Bridging Governance Gaps in the Age of Technology: A Discussion on the State Duty to Protect

11 MARCH 2021

11 March 2021

States and other stakeholders have increasingly recognized the need to adopt more effective regulatory and policy responses to the growing risks posed by digital technologies. A variety of States are currently considering regulatory and policy measures to better frame the development and uses of technologies such as artificial intelligence at the national and multilateral level.

An online expert consultation co-organized by the Geneva Academy and the United Nations (UN) Human Rights’ B-Tech Project – which aims to advance the implementation of the UN Guiding Principles on Business and Human rights (UNGPs) in the technology space – discussed regulatory and policy responses to human rights challenges linked to digital technologies.

The UNGPs and the Governance of New Technologies

The UNGPs provide a framework for States to address the governance of new technologies and their impact on human rights. The 30 experts – from government, national human rights institution, business, academia, civil society and the Office of the UN High Commissioner for Human Rights (OHCHR) – discussed the key features of the UNGPS’ State duty to protect pillar and provided comments on a draft foundational paper for B-Tech Project Focus Area 4 that set the frame for the consultation.

The consultation covered all aspects of this pillar, including:

  • States implementing a ‘smart mix of policy and regulatory measures, both nationally and where relevant, via international approaches.
  • Potential opportunities created by trends towards mandatory human rights due diligence, which would apply to a large number of technology companies.
  • Situations where States contract with, partner with, license from or support technology companies (‘State-Business Nexus’).
  • How to increase State capacity and internal policy coherence to address the complexity, scale and fast-evolving nature of the technology industry.

The soon-to-be-published foundational paper serves as a conversation starter on the State duty to protect human rights in the technology space, and policy and legislative incentives to require business to respect human rights.

Passenger scrolling on a phone

Placing Human Rights at the Centre of Policy and Regulation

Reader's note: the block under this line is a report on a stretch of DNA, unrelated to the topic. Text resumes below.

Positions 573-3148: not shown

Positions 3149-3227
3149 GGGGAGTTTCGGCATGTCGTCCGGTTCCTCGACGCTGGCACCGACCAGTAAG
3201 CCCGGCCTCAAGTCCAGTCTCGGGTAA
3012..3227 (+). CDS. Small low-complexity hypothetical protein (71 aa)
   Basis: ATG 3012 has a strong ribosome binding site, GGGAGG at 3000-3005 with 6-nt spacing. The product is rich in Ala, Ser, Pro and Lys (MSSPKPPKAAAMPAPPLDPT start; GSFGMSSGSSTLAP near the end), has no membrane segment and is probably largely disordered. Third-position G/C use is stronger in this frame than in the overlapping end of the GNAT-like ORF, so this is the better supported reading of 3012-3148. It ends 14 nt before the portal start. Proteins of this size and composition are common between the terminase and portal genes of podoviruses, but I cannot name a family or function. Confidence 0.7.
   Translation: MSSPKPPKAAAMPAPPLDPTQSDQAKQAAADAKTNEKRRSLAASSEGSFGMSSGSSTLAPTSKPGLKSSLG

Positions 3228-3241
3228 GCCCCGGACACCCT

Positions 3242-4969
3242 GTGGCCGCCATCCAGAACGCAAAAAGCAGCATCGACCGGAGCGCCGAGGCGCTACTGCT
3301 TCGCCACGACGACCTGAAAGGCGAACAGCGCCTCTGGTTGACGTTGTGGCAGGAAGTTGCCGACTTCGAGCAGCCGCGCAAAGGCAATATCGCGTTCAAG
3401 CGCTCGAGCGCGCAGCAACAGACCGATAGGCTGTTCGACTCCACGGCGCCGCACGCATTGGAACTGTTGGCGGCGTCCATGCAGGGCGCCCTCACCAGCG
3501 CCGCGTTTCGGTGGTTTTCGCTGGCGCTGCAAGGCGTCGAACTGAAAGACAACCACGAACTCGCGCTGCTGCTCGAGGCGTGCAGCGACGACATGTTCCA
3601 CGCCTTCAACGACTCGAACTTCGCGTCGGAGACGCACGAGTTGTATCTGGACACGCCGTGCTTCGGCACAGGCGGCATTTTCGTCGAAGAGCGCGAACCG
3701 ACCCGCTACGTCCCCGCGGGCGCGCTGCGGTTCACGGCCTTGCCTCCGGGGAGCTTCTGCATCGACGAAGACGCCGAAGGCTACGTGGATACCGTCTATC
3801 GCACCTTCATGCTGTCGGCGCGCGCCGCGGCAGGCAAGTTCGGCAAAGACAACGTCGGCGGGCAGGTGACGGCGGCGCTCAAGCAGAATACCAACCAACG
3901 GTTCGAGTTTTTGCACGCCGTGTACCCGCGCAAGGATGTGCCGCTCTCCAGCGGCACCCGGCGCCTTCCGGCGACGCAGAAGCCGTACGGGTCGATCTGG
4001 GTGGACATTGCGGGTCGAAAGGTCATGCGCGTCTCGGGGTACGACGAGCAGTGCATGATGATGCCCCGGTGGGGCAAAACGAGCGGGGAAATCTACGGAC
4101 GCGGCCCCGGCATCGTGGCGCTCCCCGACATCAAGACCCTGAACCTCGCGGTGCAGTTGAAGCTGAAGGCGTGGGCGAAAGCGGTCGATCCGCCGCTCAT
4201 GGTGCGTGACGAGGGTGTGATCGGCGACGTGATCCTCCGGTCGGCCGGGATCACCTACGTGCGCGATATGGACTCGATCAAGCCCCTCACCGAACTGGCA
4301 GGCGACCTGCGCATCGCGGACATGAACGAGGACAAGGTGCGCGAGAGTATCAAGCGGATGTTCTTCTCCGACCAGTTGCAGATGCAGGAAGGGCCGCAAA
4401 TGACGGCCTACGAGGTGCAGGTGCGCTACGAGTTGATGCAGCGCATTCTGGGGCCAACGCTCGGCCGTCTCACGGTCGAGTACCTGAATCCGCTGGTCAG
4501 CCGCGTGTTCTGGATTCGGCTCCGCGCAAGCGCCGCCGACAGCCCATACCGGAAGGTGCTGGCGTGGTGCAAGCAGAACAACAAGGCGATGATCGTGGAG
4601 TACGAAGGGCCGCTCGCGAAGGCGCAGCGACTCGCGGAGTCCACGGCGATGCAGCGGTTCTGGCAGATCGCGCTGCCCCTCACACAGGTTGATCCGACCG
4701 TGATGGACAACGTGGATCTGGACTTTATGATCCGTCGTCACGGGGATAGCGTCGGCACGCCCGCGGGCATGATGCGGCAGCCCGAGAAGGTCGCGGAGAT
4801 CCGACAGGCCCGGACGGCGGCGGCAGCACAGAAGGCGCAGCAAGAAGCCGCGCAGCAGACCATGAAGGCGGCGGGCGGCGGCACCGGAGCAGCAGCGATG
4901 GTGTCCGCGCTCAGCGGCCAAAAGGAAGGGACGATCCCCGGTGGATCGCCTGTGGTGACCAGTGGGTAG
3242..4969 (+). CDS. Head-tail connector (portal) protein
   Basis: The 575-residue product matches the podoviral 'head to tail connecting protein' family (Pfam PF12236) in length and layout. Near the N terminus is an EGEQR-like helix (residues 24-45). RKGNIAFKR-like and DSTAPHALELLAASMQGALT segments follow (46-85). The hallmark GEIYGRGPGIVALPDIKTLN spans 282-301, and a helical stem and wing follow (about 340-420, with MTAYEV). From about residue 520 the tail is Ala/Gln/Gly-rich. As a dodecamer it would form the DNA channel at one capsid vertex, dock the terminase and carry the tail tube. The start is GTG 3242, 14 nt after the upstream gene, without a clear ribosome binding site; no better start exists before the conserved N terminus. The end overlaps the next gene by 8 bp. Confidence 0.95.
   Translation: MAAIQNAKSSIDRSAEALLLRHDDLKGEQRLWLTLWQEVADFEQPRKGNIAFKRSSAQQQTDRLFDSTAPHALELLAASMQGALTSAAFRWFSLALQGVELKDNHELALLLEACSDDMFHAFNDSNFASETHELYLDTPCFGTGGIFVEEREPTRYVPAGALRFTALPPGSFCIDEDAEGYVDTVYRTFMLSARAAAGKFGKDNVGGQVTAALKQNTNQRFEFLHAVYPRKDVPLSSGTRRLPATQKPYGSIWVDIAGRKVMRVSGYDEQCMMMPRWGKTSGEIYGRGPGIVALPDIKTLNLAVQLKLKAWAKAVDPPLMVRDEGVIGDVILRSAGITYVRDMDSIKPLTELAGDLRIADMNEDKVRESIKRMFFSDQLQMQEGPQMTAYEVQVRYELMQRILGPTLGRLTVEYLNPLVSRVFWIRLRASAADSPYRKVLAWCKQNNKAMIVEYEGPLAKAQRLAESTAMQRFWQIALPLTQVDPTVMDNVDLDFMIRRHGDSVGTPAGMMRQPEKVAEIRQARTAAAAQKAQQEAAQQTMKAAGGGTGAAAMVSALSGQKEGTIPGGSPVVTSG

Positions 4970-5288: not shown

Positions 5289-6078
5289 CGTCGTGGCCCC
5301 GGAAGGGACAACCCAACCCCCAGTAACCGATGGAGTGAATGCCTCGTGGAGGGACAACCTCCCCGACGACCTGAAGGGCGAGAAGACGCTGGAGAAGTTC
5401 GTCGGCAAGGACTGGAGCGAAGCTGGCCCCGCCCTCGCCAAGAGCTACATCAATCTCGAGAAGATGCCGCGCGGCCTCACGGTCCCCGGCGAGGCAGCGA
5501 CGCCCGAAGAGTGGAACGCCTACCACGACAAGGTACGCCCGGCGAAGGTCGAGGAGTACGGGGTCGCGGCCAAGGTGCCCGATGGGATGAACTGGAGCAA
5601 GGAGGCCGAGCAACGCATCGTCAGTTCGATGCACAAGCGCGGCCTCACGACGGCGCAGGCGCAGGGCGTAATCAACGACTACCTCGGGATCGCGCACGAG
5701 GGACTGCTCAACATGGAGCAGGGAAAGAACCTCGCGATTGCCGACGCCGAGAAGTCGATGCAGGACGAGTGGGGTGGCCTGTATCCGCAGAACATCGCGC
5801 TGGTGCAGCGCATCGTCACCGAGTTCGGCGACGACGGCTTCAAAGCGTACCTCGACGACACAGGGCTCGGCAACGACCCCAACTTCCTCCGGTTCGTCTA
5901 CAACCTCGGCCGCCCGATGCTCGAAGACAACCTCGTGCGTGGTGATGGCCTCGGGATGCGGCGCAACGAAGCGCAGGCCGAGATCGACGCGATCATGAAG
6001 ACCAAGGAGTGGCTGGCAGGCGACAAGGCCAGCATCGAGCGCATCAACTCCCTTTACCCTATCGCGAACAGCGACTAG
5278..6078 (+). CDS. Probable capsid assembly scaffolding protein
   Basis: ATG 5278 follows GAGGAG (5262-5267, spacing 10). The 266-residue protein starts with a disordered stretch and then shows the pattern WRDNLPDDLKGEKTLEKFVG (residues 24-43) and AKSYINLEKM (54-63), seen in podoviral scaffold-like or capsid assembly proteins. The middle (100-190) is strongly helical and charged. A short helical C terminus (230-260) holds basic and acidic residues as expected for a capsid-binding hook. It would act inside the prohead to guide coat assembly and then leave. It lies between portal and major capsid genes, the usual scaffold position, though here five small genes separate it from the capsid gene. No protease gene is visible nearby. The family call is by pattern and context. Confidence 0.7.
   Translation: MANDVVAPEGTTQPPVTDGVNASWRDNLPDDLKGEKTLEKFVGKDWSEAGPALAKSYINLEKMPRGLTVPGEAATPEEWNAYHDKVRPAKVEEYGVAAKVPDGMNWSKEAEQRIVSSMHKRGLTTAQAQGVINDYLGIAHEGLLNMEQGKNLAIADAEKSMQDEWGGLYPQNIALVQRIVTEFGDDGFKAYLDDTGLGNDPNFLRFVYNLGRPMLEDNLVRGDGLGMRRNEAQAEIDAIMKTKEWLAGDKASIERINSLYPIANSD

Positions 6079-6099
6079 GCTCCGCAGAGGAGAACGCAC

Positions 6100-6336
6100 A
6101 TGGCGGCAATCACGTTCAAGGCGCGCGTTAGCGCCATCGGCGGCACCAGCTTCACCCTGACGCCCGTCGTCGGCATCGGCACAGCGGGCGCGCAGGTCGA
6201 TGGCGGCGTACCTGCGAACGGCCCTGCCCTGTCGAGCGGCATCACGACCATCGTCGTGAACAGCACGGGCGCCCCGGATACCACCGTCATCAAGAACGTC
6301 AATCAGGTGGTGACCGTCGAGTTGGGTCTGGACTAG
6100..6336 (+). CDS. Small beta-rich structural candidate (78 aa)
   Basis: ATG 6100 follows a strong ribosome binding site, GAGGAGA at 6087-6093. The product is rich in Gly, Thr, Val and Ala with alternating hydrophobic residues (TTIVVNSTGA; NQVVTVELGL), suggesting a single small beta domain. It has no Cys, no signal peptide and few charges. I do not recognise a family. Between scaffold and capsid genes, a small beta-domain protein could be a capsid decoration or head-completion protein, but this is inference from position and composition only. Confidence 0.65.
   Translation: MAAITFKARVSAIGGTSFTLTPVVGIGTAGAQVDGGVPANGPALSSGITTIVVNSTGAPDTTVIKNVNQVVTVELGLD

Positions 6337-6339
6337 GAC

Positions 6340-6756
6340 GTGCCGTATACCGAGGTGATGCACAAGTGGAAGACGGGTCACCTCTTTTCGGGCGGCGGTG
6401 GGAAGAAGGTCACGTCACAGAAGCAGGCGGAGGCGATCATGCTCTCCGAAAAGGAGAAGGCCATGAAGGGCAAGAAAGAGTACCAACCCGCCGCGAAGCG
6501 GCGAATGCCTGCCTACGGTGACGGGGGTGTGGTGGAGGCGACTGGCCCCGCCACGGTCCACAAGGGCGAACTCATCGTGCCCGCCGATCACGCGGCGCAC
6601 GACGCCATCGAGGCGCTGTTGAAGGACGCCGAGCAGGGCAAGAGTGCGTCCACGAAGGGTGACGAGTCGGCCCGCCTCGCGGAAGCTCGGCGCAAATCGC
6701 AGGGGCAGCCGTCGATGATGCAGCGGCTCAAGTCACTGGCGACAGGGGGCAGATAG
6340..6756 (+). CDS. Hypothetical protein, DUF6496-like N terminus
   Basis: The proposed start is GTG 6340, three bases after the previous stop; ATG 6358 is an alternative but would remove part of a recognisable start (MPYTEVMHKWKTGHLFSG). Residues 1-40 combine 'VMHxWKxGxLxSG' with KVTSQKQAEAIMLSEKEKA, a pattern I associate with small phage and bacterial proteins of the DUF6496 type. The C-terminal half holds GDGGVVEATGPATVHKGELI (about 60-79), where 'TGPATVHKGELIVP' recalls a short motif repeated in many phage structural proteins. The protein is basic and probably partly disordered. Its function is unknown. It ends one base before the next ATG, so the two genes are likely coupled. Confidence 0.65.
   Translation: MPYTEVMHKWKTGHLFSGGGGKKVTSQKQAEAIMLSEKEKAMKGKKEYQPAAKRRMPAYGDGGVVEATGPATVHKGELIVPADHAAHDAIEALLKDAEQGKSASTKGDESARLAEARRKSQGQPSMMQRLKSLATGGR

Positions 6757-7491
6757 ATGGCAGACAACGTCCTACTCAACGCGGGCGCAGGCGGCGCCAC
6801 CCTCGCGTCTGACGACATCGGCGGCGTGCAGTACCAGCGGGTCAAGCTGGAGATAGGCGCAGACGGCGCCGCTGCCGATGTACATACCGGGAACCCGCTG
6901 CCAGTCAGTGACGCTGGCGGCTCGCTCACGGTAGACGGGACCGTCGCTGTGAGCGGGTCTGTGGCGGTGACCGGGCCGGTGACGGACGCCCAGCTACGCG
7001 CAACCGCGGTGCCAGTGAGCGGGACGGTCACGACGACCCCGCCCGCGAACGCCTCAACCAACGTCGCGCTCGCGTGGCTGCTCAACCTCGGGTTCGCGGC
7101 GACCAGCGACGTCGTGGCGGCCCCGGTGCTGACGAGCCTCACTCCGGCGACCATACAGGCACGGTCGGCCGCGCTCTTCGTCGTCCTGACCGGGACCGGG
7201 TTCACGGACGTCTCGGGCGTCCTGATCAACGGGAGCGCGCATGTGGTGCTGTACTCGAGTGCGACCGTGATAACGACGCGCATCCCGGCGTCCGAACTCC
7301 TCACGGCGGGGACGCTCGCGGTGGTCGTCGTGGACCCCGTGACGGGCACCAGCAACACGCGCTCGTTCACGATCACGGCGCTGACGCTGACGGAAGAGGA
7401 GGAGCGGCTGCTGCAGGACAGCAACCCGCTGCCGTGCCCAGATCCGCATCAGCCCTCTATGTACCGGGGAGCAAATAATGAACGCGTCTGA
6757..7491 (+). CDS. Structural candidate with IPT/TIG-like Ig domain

‘Human rights and international human rights law must be at the centre of regulatory frameworks developed to accompany the development of digital technologies. We will continue to collaborate with OHCHR and its B-Tech Project to conduct much-needed research to identify ways of placing international human rights law at the centre of policy and regulation’ explains Dr Ana Beduschi, Associate Research Fellow at the Geneva Academy.

MORE ON THIS THEMATIC AREA

GHRP Bologna Meeting News

Expert Roundtable Discusses Role of Local and Regional Governments in data collection for National Mechanisms

29 April 2024

The Geneva Human Rights Platform co-hosted an expert roundtable on 'Data Planning and Collection by National Mechanisms for Implementation, Reporting, and Follow-up', in Bologna, Italy.

Read more

A session during the follow-up review News

Report Highlights the Potentials of UN Treaty Bodies Follow-Up Review at Regional Level

5 February 2024

Our Geneva Human Rights Platform just released the latest report of its third and final follow-up review pilot conducted in Nadi, Fiji, in collaboration with the Pacific Community and the Commonwealth Secretariat.

Read more

View of a session of the UN Human Rights Committee Training

The International Human Rights Standards and System: Monitoring and Implementation Strategies at the National Level

8-12 July 2024

This training course will delve into the means and mechanisms through which national actors can best coordinate their human rights monitoring and implementation efforts, enabling them to strategically navigate the UN human rights system and use the various mechanisms available in their day-to-day work.

Read more

Open dump Training

Protecting Human Rights and the Environment

2-20 September 2024

Participants in this training course, made of two modules, will examine the major international and regional instruments for the promotion of human rights and the environment, familiarizing themselves with the respective implementation and enforcement mechanisms.

Read more

Project

Follow-up Review Pilot Series

Started in November 2021

Read more

Neutrotechology Project

Neurotechnology and Human Rights

Started in August 2023

This project addresses the human rights implications stemming from the development of neurotechnology for commercial, non-therapeutic ends, and is based on a partnership between the Geneva Academy, the Geneva University Neurocentre and the UN Human Rights Council Advisory Committee. 

Read more

Cover Page of Research Brief Publication

Between Science-Fact and Science-Fiction Innovation and Ethics in Neurotechnology

published on May 2024

Milena Costas, Timo Istace

Read more